Asee peer logo

Utilizing Software Generated Concept Maps Based On Customized Concept Inventories To Illustrate Student Learning And Knowledge Gaps

Download Paper |

Conference

2010 Annual Conference & Exposition

Location

Louisville, Kentucky

Publication Date

June 20, 2010

Start Date

June 20, 2010

End Date

June 23, 2010

ISSN

2153-5965

Conference Session

Student Learning

Tagged Division

Educational Research and Methods

Page Count

17

Page Numbers

15.1349.1 - 15.1349.17

DOI

10.18260/1-2--16837

Permanent URL

https://peer.asee.org/16837

Download Count

452

Request a correction

Paper Authors

author page

Ricky Castles Virginia Tech

author page

Vinod Lohani Virginia Tech

Download Paper |

Abstract
NOTE: The first page of text has been automatically extracted and included below in lieu of an abstract

Utilizing Software-Generated Concept Maps Based on Customized Concept Inventories to Illustrate Student Learning and Knowledge Gaps

Abstract

Concept inventories have been developed for a variety of disciplines over the last 20 years in order to evaluate student understanding of subjects within the discipline at the conceptual level. Concept inventories have served as a basis for evaluation of student’s fundamental understanding of topics and students’ responses to concept inventories showcase areas where there is need for enrichment. Concept maps are directed graphs that depict the relationships within a discipline and have been used since the 1970s to showcase how knowledge is constructively assembled within a learner’s cognitive structure. Concept maps graphically depict the concepts and relationships within a discipline. Typically, concept maps are constructed by students in order to allow evaluators to understanding learners’ comprehension of the relationships that exist within a discipline. In this paper software is described that has been developed to couple concept inventories with concept maps in order to elicit graphical representations of students’ understanding of a discipline based upon their responses to a custom-designed concept inventory.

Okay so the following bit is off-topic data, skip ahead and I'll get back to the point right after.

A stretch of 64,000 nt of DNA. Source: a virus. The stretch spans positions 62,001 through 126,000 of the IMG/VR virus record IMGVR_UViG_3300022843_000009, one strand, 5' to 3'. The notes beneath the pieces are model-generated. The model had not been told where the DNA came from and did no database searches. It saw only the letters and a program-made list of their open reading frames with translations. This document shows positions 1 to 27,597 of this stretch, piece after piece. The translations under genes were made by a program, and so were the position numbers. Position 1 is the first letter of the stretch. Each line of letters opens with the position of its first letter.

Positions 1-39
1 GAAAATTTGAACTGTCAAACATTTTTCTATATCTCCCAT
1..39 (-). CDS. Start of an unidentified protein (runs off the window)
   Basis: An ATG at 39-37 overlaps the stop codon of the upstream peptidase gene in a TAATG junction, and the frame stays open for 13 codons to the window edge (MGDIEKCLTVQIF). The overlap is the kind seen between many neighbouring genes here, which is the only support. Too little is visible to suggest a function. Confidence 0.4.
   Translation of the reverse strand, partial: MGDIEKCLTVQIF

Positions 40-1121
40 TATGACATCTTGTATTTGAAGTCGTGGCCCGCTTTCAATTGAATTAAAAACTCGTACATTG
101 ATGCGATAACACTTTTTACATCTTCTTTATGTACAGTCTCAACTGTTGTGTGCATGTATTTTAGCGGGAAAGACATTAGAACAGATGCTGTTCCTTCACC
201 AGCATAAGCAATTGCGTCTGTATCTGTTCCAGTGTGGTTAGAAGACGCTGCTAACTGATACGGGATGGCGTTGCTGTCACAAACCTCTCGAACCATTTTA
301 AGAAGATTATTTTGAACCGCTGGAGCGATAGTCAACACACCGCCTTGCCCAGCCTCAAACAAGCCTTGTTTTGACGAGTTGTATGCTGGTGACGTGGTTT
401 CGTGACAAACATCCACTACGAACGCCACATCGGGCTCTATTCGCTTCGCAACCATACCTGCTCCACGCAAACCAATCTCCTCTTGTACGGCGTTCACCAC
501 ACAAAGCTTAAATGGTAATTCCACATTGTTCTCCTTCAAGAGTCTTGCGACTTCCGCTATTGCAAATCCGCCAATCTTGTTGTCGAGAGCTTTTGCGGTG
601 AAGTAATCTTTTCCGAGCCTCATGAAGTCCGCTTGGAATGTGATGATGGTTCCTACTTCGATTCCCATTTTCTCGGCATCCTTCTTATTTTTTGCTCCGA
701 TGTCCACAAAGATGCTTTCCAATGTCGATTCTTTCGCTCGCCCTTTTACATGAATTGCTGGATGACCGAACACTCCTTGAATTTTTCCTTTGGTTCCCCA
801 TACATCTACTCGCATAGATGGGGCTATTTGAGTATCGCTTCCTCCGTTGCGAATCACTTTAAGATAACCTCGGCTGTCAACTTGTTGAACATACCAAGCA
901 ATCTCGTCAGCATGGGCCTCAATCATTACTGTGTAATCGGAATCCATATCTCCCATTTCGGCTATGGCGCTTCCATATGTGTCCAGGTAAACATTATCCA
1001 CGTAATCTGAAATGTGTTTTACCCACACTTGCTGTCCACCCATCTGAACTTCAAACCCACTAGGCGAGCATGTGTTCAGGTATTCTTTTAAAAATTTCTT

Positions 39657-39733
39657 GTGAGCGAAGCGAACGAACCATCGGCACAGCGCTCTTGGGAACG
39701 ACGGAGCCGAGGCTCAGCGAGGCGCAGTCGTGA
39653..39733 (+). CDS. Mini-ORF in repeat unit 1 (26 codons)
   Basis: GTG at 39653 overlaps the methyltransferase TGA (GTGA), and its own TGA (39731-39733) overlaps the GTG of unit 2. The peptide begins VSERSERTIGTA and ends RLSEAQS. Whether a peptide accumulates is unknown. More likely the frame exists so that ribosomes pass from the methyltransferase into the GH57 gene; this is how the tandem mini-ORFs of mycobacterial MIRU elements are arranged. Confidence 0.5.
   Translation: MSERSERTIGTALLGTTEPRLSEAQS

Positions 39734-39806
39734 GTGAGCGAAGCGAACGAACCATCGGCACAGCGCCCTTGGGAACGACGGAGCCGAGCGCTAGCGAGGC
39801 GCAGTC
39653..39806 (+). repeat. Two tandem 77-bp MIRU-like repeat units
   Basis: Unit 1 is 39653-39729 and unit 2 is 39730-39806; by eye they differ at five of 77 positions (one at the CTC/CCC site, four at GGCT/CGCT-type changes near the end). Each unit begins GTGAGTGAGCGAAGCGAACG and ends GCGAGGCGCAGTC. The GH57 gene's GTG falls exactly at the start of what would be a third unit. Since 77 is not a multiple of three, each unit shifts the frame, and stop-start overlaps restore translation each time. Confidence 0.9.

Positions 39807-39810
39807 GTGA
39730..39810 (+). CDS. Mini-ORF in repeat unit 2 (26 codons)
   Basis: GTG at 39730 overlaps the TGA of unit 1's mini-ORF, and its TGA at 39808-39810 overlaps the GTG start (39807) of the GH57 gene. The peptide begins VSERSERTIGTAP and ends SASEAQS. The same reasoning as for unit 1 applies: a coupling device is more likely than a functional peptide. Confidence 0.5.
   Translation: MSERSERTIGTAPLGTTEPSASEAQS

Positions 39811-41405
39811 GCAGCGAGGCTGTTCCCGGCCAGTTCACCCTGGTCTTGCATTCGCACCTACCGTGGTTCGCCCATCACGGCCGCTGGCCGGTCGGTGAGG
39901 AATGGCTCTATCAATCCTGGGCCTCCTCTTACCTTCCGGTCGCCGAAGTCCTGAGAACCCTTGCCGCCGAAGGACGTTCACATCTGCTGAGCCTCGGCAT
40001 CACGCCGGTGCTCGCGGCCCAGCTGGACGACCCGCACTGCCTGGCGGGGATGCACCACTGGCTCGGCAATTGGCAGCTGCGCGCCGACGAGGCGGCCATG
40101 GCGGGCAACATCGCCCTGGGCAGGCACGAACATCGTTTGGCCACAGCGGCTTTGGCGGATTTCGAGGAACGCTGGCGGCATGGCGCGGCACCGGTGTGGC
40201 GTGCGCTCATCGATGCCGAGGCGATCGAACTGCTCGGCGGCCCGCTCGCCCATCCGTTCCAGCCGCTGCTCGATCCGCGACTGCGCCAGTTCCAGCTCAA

This software allows for entry of the questions and answers within a concept inventory and allows each answer to be correlated with a concept or relationship in a concept map. Under this system an expert develops a comprehensive concept map that depicts all of the underlying concepts and relationships within a discipline and then the questions in the concept inventory are tied to the appropriate portions of the concept map. The results of the deployment of the inventory are then depicted in a graphical student map showcasing each individual learner’s mastery of the underlying concepts and relationships as a concept map that is a subset of the comprehensive map. The software also generates aggregate maps based upon various demographics so that performance can be examined on both a student-by-student basis and also at a holistic higher level.

This software has been used in conjunction with a course unit on mechatronics designed to introduce first-semester engineering students to the fundamentals of mechanics and electronics. A comprehensive map has been developed and a corresponding concept inventory has been designed to test student’s knowledge gains through participation in the course unit. The concept inventory has been given as a pre and post test and has also been given in a subsequent semester to evaluate student retention of conceptual knowledge over time. Over 1400 data sets have been collected and analyzed. Within this paper the components of the analysis software are discussed along with some results from data analysis.

A Brief Introduction to Concept Maps

Concept maps are a way of graphically representing the underlying components of a particular field or subfield or, more generally, knowledge [1]. The concepts are enclosed in circles or boxes and lines or arrows linking the boxes indicate the relationship that exists

Castles, R., & Lohani, V. (2010, June), Utilizing Software Generated Concept Maps Based On Customized Concept Inventories To Illustrate Student Learning And Knowledge Gaps Paper presented at 2010 Annual Conference & Exposition, Louisville, Kentucky. 10.18260/1-2--16837

ASEE holds the copyright on this document. It may be read by the public free of charge. Authors may archive their work on personal websites or in institutional repositories with the following citation: © 2010 American Society for Engineering Education. Other scholars may excerpt or quote from these materials with the same citation. When excerpting or quoting from Conference Proceedings, authors should, in addition to noting the ASEE copyright, list all the original authors and their institutions and name the host city of the conference. - Last updated April 1, 2015